Even with the wealth of information on job searching available online today, many job seekers are still making the same faux pas that not only prevent them from finding the right position, but that drive hiring managers and recruiters crazy. If you’re reading this, it means you may be looking for a job or preparing for an interview.
We implore you--don’t make these amateur mistakes:
MISTAKES MADE WHILE SEARCHING FOR A JOB
1. Not networking
Most job seekers still look for jobs by perusing ads online. But did you know that up to 80 percent of open positions are not even advertised publicly? Get out there, talk to people, make new contacts and use personal connections to fuel your search.
2. Not using the Internet to your advantage
Be sure that your online profiles include repetition of the keywords that potential employers and recruiters are searching for. Additionally, don’t just make new contacts online, but initiate communication with them.
3. Getting scammed
Don’t fall for an online scam. If you get a job offer after no face-to-face interview, do a little research to confirm the company’s legitimacy. Call the company directly to confirm your contact’s identity. Do not send bank account details or personal information. Pay attention to red flags.
MISTAKES MADE ON CVS AND COVER LETTERS
1. Typos and spelling mistakes
There’s nothing like a typo to ruin a first impression. Be sure to proofread your CV and cover letters--twice--and use spell check.
2. Not stating your skills
After reading your cover letter and perusing your CV for just a few seconds, a recruiter should be able to know your skill set.
3. Having an inappropriate or immature email address
It’s fine if your email address is email@example.com or firstname.lastname@example.org. Just don’t expect a hiring manager to take you seriously. Stick to using a formulation of your full name if possible.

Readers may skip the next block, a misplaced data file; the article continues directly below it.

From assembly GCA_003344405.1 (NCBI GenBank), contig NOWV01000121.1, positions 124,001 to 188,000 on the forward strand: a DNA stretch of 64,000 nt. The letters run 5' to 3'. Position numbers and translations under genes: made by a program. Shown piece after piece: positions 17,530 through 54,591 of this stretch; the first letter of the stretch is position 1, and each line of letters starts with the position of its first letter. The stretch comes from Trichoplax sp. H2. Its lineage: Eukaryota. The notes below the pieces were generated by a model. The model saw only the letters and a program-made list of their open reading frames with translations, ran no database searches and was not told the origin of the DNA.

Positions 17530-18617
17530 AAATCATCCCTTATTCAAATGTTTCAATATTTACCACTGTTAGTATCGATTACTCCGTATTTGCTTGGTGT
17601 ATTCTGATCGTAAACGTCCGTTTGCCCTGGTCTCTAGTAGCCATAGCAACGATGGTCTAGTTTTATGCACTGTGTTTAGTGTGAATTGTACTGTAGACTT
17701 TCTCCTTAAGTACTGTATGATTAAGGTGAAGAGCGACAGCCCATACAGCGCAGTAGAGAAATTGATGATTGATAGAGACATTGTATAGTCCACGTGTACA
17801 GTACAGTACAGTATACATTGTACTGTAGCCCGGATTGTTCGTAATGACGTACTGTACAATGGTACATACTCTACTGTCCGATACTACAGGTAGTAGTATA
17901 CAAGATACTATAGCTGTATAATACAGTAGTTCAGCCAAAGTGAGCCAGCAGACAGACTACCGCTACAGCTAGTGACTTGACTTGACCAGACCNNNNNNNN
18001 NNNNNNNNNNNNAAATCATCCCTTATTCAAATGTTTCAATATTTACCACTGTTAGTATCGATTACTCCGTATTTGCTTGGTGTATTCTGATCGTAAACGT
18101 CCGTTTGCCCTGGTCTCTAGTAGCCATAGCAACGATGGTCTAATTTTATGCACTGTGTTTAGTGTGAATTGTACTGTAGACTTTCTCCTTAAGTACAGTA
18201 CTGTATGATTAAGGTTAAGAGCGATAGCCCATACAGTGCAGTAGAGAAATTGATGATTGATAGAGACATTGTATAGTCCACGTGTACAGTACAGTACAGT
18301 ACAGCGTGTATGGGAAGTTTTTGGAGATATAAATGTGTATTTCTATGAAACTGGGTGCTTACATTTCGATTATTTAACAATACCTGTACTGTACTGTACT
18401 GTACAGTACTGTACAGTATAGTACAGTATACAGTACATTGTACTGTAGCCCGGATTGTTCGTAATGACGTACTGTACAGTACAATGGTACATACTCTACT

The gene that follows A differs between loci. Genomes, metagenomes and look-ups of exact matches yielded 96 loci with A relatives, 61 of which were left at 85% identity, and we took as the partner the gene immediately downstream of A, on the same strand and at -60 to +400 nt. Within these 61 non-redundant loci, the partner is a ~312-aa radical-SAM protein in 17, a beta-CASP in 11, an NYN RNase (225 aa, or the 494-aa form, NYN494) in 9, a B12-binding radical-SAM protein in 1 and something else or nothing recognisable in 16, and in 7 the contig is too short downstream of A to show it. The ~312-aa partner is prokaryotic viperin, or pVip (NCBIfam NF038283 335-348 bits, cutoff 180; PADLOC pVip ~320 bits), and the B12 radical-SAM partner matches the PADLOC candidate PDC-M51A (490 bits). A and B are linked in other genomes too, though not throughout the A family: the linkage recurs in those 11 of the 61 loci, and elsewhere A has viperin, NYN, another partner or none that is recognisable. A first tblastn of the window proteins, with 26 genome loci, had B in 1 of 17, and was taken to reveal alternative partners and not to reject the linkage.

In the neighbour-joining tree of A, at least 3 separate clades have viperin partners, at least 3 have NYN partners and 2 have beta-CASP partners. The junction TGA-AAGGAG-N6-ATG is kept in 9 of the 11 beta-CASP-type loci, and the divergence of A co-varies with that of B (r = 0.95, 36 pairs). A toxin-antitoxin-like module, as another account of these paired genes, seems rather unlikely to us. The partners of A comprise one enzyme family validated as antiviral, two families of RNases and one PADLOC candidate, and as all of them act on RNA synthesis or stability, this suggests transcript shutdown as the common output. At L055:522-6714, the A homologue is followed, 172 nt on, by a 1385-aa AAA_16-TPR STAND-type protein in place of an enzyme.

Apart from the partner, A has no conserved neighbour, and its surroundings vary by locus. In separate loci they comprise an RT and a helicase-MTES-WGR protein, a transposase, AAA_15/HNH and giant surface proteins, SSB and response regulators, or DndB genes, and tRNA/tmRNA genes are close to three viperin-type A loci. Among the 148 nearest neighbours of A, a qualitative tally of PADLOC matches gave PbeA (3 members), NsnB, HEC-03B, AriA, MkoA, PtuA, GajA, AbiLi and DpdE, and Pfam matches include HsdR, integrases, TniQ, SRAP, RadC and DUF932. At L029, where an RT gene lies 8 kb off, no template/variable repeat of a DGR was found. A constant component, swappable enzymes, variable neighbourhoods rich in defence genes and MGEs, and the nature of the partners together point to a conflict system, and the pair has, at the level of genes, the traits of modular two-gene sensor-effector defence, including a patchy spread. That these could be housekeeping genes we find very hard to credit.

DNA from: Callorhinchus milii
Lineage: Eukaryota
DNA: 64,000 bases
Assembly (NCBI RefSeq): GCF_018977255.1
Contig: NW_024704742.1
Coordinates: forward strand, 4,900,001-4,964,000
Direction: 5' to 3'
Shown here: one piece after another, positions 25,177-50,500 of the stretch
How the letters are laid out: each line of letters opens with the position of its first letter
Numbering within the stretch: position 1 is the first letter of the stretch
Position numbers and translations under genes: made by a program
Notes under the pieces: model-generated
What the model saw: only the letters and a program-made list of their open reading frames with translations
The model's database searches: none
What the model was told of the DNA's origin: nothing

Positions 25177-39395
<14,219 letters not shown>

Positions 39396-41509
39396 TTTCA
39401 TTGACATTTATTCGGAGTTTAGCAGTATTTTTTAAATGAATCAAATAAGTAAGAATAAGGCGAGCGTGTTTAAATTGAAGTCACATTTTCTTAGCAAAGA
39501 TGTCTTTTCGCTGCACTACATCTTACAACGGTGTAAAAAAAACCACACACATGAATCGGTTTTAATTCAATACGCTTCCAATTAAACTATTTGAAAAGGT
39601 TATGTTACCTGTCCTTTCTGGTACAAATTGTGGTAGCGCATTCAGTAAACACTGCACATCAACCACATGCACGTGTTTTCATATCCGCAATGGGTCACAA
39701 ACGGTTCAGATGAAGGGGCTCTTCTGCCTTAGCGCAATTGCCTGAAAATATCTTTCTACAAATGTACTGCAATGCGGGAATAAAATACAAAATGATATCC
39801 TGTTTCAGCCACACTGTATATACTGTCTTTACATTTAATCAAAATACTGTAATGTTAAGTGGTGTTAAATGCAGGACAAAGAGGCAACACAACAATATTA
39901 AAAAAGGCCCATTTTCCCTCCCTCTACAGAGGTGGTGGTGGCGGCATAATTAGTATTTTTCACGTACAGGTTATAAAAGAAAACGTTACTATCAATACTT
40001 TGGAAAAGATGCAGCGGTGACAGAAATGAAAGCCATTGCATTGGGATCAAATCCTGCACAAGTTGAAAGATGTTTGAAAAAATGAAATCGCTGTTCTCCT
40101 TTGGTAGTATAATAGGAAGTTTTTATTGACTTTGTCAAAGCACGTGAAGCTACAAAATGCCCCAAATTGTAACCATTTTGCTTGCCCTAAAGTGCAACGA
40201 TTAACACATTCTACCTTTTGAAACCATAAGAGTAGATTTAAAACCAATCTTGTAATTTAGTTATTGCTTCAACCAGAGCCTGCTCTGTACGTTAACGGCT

MISTAKES MADE AT THE INTERVIEW
1. Not dressing appropriately
Stick to business formal or business professional attire for an interview, unless you are explicitly told otherwise by the interviewer or recruiter.
2. Arriving late
Aim for arriving 10 minutes early, and practice the commute at least once before the day of the interview.
3. Appearing bored or disinterested
Interviewing for a position that’s not your dream job? We’ve all been there. But it’s important to show enthusiasm even if you don’t feel it. Why? The job could lead to your dream job. Or the recruiter could remember you one day for a better position, so don’t turn him or her off by appearing underwhelmed.
4. Appearing cocky
Conversely, appearing too confident or downright cocky can have the same negative effect in the interview. It’s best to appear enthusiastic and confident while remaining humble and gracious.
5. Going negative
You may be tempted to trash your current or former employer in an interview--but don’t do it! It will make you seem petty and not focused on the future. Always stay positive, even if you didn’t leave your last job on good terms.
6. Making body language blunders
Candidates who fidget during an interview--tapping a foot incessantly, repeatedly touching hair, playing with a button on their jacket--will distract the interviewer and direct their attention away from the discussion. The same goes for slumping, shifty eye contact, and forgetting to smile. Remember that your physical demeanor speaks just as loudly as your CV during an interview.